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College ChoicesThe Economics of Where to Go, When to Go, and How to Pay for It$
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Caroline M. Hoxby

Print publication date: 2004

Print ISBN-13: 9780226355351

Published to Chicago Scholarship Online: February 2013

DOI: 10.7208/chicago/9780226355375.001.0001

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PRINTED FROM CHICAGO SCHOLARSHIP ONLINE (www.chicago.universitypressscholarship.com). (c) Copyright University of Chicago Press, 2020. All Rights Reserved. An individual user may print out a PDF of a single chapter of a monograph in CHSO for personal use.date: 27 November 2020

Peer Effects in Higher Education

Peer Effects in Higher Education

(p.395) 9 Peer Effects in Higher Education
College Choices

Gordon C. Winston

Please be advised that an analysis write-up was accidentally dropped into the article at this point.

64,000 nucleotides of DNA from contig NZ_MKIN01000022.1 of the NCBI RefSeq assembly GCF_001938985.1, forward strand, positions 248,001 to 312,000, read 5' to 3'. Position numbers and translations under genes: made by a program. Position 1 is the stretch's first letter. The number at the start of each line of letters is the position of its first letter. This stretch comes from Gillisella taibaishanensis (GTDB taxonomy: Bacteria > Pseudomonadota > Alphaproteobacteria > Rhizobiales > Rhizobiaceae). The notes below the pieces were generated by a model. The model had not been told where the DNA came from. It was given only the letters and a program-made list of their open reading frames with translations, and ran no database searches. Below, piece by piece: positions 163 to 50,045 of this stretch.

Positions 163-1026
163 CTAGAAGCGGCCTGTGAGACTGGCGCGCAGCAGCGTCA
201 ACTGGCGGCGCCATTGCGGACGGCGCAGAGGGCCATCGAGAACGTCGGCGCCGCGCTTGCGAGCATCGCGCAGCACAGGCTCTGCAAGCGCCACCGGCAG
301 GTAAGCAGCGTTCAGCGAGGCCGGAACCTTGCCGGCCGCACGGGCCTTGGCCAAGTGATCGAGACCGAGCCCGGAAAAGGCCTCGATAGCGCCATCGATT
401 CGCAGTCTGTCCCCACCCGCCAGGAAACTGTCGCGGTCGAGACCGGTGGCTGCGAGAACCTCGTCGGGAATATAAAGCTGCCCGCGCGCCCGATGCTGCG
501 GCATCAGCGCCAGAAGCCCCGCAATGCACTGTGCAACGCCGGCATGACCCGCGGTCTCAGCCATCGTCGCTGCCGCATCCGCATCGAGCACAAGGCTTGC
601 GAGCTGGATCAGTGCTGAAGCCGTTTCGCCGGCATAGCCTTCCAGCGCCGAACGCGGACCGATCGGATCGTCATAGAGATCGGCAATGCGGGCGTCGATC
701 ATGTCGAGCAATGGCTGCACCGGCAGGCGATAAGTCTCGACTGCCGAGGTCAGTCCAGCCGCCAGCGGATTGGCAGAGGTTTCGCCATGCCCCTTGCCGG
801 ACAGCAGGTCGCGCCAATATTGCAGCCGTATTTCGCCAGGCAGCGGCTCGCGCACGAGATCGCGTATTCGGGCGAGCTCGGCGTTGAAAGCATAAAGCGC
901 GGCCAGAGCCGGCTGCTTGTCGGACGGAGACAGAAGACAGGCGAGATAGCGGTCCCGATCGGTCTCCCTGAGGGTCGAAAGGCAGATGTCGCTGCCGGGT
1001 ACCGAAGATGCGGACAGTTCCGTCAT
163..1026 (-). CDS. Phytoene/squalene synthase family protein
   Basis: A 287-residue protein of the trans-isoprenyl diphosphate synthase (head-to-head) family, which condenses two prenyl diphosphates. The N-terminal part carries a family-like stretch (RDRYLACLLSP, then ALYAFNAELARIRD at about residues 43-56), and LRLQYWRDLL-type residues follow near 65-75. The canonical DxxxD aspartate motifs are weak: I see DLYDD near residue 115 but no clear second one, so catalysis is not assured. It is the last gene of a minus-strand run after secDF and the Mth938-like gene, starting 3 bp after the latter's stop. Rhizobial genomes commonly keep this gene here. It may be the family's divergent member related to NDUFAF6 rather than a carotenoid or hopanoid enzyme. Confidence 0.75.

David J. Zimmerman

University of Chicago Press

This chapter describes the importance of peer effects and offers new empirical evidence on their existence. Estimating peer effects is difficult. First, one must decide on the appropriate set of educational outcomes believed to be sensitive to peer attributes. Second, one must specify the relevant peer attributes. Third, and perhaps most difficult, one must contend with the fact that selection bias is rampant in the estimation of peer effects. The chapter uses a unique data set that combines data for three schools from the Andrew W. Mellon Foundation's College and Beyond data for the entering class of 1989, along with phonebook data identifying roommates, to implement a quasi-experimental empirical strategy aimed at measuring peer effects in academic outcomes. In particular, the chapter uses data on individual student's grades, Scholastic Aptitude Test (SAT) scores, and the SAT scores of their roommates to estimate the effect of roommates' academic characteristics on an individual's grades.

Keywords:   peer effects, educational outcomes, academic outcomes, roommates, Scholastic Aptitude Test, grades

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